Pride Park – Derby County

Derby County Club Contact Info
Official Website: www.dcfc.co.uk
Address: Derby County Football Club, Pride Park Stadium, Pride Park, Derby, DE24 8XL
Telephone No: 0871 472 1884
Ticket Office No: 1871 472 1884 (option 1)

General Info
Pride Park Stadium sits within Pride Park itself on the outskirts of Derby city centre. Derby County moved to the stadium upon its completion in 1997 having previously played at the Baseball Ground. As well as being the home of the Rams, Pride Park has hosted two international matches and was the venue of the 2009 Women’s FA Cup final.

Due to a sponsorship deal, the stadium was renamed as the iPro Stadium between 2013 and 2016 though given the cancellation of this contract the original name has been reinstated much to the delight of many Derby fans.

Pride Park Stadium

The Queen opened the new stadium on July 18th, 1997 and the first game was played there on August 4th – a 1-0 friendly defeat to Italian outfit Sampdora. Over 27,000 attended Derby’s first competitive match at the stadium, a 1-0 win against Barnsley.

Undersoil heating is deployed by Derby County beneath what is an all natural grass surface, something now uncommon among the top clubs in England. The playing area measures the standard 105 metres by 68 metres.

Capacity
The current capacity at Pride Park is 33,500 though this is rarely reached.

Stands
Pride Park is made up of the West Stand – the largest area on more than one tier and running along the length of the field, the East Stand opposite and the South and North Stands at either end of the pitch. The north east and south east corners are filled in on lower levels, while the south west corner is larger. The north west corner is equally large but contains mostly corporate guests.

Away Fans At Pride Park
With a standard allocation of around 2,700 tickets, away fans are housed in the corner of the East Stand and the South Stand. The stands are modern and offer unrestricted views of the action while the hospitality is generally greeted with favour by opposing supporters.

Ticket Prices
A typical adult single ticket for a Championship match at Derby County tends to be £15 – £33, though as always concessions are available all round the stadium for young fans and pensioners as well as disabled supporters receiving large discounts.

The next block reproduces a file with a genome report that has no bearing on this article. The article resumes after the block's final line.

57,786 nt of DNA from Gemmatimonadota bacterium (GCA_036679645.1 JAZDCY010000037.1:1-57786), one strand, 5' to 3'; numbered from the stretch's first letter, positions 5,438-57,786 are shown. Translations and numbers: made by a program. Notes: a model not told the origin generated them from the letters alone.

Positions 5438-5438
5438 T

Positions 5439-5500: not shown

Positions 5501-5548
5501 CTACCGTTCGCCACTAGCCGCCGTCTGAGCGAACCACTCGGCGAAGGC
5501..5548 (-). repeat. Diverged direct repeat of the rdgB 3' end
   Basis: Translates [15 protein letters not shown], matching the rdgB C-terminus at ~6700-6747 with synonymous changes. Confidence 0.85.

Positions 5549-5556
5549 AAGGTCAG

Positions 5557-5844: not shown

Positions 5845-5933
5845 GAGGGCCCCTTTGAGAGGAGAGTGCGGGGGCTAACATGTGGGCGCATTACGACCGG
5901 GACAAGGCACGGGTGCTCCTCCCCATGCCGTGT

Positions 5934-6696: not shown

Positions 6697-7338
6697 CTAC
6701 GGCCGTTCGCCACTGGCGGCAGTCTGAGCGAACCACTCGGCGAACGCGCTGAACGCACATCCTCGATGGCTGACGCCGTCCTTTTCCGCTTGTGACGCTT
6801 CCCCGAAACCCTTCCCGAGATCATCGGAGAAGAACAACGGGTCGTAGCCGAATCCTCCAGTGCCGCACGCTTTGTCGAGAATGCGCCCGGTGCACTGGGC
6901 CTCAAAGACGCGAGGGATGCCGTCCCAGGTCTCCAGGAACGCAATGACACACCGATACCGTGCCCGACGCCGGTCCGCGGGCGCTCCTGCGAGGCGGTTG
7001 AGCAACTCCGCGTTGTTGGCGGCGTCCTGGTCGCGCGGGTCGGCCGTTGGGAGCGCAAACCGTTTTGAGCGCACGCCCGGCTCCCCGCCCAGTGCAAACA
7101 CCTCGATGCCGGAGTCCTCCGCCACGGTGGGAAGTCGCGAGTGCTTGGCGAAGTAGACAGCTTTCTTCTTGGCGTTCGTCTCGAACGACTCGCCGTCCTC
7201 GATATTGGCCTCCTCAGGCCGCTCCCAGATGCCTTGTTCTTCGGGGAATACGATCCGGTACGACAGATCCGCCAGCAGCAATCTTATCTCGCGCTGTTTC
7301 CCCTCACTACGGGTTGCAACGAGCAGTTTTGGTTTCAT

Hospitality
Packages can be purchased game by game in either the Dave Mackay Lounge or the Pedigree Suite. In the latter, prices tend to run from £105 to £145 per person plus VAT, though if you wish to visit the Dave Mackay Lounge you will need to contact the club.

Packages include a buffet, complementary pre-match drinks, comfortable seating with a great view of the action, car parking and a matchday host.

How To Get To Pride Park
Pride Park Stadium is situated just over a mile from Derby’s city centre to the south east and is even closer to Derby train station. From the station the stadium is only a 15-minute walk away, though the walk from the city centre is around half an hour.

Shuttle buses run from the city centre on matchdays and rail remains the best way to reach the ground if coming to see a game although for non matchdays plenty of parking is available.

Future Developments
Not to be left behind by the dozens of clubs looking to modernise or expand, Derby County have tabled plans to extend Pride Park in order to house a new fan zone with bars and a food court. The extension would be to the East Stand and would be a two-storey development.

Riverside Stadium – Middlesbrough

Middlesbrough Club Contact Info
Official Website: www.mfc.co.uk
Address: Middlesbrough Football Club, Riverside Stadium, Middlesbrough, TS3 6RS
Telephone No: 01642 757 640
Ticket Office No: 0844 499 1234

General Info
The Riverside Stadium has been the home of Middlesbrough FC since 1995 having been built to replace Boro’s former home at Ayresome Park which could not be appropriately modernised and extended after the Taylor Report. For a reasonable cost of £16million, the then 30,000-seater stadium was completed in the summer of 1995 and took only nine months to complete.Riverside Stadium

Middlesbrough’s first game at the Riverside was against Chelsea in front of over 28,000 fans which had been their highest for over 14 years. The game took place on August 26th 1995 and Boro managed to win it 2-0.